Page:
If data is being assembled into spreadsheets, as is the case for many in the industry, or needs human interaction to integrate into one platform, then the man hours are multiplied.
What happens with monitoring is when you have a portfolio of assets, if you have multiple different monitoring platforms, then you need to have convergence of all this data. Everybody characterize them differently. The nice thing about solar is that everything boils down to volts, amps, watts, watt hours, kilowatt hours, and irradiance, temperature and so forth. They’re all put in different “buckets,” and as long as you can read all of those buckets, you can bring them all into a secondary platform, like a CRM platform, for example Salesforce, SAP or Oracle.
The key here is putting the data all together. It’s big data analytics. First step is to get all the data into one manageable form. That’s where the challenges are. Whereas, this is where an ACTIS platform by Alectris is a really nice platform to have, simply because all that challenge is taken out of the picture. It’s completely built on Microsoft Dynamics CRM, which means you don’t have to worry about the scalability of the software, as we can manage any number of these different data gathering points and bring them into our system.
The convergence happens because everybody’s talking the same language, which is what SunSpec is trying to do. The collision happens when people talk different languages and we don’t know what they’re saying. And then the data becomes meaningless. There’s not much there we can discern from that in order to be able to do the necessary analytics to maintain these plants.
In terms of data driving revenue generation and return on investment, if you avoid another Capex just to do all the integration, that’s money saved. With a solar power plant, it’s now all about energy delivered. Every kilowatt hour makes a difference. One needs to ensure the system is performing optimally but at the lowest cost of plant maintenance. This can only be achieved through efficient data analytics, expedient effective intervention, both predictive or corrective in nature, and that’s the only way you’re going to get the most production out of these systems.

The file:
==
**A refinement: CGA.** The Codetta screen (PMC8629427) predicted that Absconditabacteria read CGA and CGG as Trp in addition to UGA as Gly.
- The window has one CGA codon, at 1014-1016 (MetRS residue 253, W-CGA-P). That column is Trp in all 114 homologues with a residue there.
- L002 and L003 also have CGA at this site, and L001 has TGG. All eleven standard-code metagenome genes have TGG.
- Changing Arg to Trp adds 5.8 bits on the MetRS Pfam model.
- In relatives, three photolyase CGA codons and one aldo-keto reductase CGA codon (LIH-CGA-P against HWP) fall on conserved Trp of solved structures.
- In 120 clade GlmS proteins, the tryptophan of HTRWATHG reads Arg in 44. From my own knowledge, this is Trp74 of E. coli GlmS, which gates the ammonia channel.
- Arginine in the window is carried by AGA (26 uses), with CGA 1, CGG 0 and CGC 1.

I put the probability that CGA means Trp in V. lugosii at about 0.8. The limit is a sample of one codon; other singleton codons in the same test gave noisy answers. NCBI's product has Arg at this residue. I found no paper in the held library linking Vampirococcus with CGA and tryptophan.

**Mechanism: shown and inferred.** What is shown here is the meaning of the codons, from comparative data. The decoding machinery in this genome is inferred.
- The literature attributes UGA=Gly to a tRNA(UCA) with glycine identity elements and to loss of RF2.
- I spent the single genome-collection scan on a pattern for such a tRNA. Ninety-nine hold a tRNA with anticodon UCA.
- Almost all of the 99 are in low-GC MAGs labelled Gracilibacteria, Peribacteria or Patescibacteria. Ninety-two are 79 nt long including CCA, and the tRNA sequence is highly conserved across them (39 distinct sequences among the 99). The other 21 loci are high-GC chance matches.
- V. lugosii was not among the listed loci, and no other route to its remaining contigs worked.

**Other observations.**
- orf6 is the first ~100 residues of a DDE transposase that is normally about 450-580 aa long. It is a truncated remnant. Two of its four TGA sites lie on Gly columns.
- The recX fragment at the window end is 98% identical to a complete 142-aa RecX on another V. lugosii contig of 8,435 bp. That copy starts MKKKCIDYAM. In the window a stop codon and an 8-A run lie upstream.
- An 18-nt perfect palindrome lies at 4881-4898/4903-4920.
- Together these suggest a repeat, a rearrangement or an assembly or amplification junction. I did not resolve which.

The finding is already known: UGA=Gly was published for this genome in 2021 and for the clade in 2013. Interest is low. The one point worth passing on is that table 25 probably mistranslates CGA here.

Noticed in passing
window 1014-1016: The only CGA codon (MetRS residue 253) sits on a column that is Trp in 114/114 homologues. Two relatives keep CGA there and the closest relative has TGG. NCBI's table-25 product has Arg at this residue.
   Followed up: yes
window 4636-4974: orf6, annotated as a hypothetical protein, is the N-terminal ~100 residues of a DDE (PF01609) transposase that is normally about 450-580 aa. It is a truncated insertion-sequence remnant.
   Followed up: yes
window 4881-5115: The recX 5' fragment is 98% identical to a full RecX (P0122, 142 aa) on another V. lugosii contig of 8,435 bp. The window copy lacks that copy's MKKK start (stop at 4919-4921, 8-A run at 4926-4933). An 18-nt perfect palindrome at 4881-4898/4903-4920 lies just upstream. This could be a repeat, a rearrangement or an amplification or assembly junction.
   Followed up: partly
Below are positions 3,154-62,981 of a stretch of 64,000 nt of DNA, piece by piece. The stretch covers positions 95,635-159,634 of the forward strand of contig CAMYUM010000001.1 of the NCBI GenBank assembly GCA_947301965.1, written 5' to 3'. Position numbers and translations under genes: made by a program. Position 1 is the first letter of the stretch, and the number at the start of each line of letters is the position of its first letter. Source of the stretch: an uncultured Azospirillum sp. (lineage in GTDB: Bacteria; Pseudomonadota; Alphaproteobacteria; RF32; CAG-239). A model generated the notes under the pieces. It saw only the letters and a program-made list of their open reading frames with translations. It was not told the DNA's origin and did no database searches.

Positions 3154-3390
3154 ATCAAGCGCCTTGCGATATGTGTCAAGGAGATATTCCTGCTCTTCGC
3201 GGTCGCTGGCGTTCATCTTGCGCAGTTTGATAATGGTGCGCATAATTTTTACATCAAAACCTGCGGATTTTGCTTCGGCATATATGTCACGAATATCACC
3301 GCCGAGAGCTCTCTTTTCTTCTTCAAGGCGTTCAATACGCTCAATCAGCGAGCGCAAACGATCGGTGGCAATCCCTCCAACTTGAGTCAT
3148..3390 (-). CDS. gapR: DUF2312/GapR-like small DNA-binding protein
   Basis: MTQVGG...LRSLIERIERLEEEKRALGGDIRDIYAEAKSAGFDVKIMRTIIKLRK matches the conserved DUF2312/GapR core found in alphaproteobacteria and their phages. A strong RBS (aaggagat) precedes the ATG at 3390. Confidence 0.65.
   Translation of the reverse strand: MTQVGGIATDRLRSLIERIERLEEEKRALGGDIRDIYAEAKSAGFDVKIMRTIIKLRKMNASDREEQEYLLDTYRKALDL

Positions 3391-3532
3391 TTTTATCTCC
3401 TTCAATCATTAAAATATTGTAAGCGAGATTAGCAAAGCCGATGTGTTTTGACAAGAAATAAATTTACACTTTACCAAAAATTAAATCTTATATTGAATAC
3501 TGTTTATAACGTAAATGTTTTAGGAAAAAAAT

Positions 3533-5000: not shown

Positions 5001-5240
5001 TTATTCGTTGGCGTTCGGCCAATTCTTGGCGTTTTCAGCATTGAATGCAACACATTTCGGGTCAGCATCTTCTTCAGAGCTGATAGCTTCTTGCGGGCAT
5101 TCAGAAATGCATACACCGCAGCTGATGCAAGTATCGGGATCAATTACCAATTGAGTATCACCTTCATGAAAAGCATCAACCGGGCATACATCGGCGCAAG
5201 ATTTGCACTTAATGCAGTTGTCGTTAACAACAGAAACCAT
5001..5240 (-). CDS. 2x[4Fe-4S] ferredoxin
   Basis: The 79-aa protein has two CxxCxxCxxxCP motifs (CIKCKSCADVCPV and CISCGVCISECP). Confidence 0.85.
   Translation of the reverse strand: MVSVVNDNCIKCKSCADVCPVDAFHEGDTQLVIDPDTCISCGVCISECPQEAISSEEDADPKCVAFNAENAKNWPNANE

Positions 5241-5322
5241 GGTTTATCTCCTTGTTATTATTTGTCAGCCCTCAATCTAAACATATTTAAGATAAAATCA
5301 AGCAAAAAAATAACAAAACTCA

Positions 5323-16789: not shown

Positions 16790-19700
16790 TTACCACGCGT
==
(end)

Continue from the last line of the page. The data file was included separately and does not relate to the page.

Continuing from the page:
If you are going to spend more money on data integration it is going to add to the burden of the return you are expecting. This is the difference between doing your own integration and putting everything together in an ERP system that you probably have, versus what you can do with Microsoft Dynamics CRM and the ACTIS platform.
This integration of multiple streams of monitoring data into the seamless Solar ERP, ACTIS, avoids collision and creates solar operational data convergence.
Laks Sampath heads U.S. and Latin America activities for Alectris. With over a decade of solar PV experience, he articulates a cultivated and seasoned industry perspective in his leadership for the company.
Sampath’s solar photovoltaic expertise covers a wide range of installation sizes, types and terrains. These include sites ranging from 2KW to 20MW; residential, commercial and utility scale construction and design through full commissioning responsibilities. Geographically his expertise encompasses the U.S., Mexico and Italy.